The first seven episodes of Stranger Things were great.  Amazing, even.  It definitely fizzled in the final episode — much like most science fiction and horror movies.  When we confront the beast, and see it, it becomes much less scary.  It’s finitely scarier when it’s a shadowy shape beside the pool, or a group of men in traveling vans, or a simple surge in the electricity.  Similarly, it’s hard to tell how to come down from confronting The Big Bad.    There are some dynamite scenes in the final episode; there’s Hopper and Joyce cradling Will’s unconscious body; Lucas standing up to the monster with only a slingshot (and the brief moment of amazement when the boys think the rock has succeeded); even the scene of Nancy aiming a gun at Steve’s head and yelling at him to get out.  But Eleven’s gratuitous sacrifice (no, it’s not coming full circle to say she brought him out so she must go back with him — and it doesn’t explain why the beast can suddenly create it’s own portals in the woods, or suddenly hop into people’s houses and sheds) feels a little cheap, and Will’s resurrection is too easy, and it’s hard to tell what loops are left open knowingly and which ones just can’t be closed (and also — no one’s going to drag poor dead Barb’s body out of the Upside Down? Her poor parents!).  What is great is what comes after, in the mini-epilogue.  First, you get the way that everyone deals with their trauma.  Hopper is, presumably, now somehow involved with the Bad Men.  Joyce couldn’t care less — she has her son back and healthy and is fine with that, no questions asked.  Nancy is back with a redeemed Steve, but now there’s a sadness in her eyes, and you just know that there’s a little rebellion in her heart (as Dustin says to Mike, “Your sister is a badass, now.”). And then there are the boys, who are able to recreate trauma into a childhood adventure — they saw multiple men die, but have changed it to a video game sequence.  There’s no PTSD here — just boys back to another Dungeons and Dragons campaign.   There’s a nice little wink and a nod there — the boys complain that the game was too short, there are too many loose ends, it was too easy, and we as the viewer have to agree.  It was too easy, and too short, and nothing was really answered.  And after the boys announce that to the readers, the show tells us just what is still missing;  we get a box in the woods, PTSD flashbacks, a coughed-up slug, and our reminder that Hopper might actually be a Lando Calrissian. . .we just haven’t reached Episode VI (which, remember, back in the 80s, would have felt like Episode II).  What the End does is beautifully set up a second season; and distinguish the show from a mini-series or an epically long movie (though it feels like one at times).  And, what’s sort of refreshing — it demonstrates that sometimes a life-altering experience only manifests itself in the tiniest of ways.  In friends having their backs for you in a way they didn’t before (see their reactions to casting a fireball) or in the looks in someone’s eyes.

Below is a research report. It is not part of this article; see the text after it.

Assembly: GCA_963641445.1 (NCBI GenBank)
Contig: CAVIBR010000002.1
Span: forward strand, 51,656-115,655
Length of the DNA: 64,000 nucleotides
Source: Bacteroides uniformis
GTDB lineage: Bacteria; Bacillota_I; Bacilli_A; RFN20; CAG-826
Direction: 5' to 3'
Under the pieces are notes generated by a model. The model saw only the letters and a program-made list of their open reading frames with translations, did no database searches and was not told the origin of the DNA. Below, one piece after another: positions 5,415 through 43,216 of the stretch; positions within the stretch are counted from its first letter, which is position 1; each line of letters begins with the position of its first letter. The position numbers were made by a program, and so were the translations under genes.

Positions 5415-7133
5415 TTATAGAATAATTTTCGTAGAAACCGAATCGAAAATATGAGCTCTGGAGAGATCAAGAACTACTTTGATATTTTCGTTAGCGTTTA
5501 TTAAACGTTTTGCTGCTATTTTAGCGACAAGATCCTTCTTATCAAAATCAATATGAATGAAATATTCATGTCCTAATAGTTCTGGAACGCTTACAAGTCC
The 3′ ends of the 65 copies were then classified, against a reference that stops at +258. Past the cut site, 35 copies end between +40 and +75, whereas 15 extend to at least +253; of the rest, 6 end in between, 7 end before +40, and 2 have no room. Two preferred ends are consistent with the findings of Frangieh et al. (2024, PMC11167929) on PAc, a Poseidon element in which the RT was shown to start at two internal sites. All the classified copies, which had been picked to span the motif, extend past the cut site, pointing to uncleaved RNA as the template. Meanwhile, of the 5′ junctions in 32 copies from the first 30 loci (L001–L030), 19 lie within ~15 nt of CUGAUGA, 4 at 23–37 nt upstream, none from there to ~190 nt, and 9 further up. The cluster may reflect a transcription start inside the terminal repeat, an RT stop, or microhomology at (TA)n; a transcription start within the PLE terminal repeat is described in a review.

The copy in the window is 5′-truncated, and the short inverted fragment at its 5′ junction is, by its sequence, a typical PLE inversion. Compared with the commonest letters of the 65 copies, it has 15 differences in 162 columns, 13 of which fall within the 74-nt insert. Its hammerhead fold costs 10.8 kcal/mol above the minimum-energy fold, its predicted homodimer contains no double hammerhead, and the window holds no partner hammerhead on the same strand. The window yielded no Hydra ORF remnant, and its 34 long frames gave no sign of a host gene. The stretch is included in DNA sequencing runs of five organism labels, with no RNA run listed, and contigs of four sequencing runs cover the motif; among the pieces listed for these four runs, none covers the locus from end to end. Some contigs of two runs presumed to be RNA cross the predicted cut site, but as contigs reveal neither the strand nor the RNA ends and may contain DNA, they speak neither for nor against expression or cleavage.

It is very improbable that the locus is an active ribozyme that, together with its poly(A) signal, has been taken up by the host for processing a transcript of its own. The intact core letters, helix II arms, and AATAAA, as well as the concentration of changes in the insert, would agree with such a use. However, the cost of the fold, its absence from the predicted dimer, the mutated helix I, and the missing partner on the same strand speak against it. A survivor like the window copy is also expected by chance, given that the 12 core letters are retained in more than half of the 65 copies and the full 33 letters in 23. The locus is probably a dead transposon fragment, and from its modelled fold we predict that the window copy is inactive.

If you haven’t been sure whether it’s worth watching Stranger Things, I would highly encourage you to do so.  If you’re in your 30s or 40s, you’ll enjoy the callbacks and the nostalgia factor from your childhood. For those who are younger, it’s still a reminder that life was plenty exciting, and there was plenty of room for connection, in a time when Walkie Talkies were more useful than cell phones, and watching TV was something you did with the whole family.



About splashfromabove

I believe firmly that through reflection, we gain in appreciation. My blog is all about taking a step back from what I read, view, or discover, and looking at it slightly askance.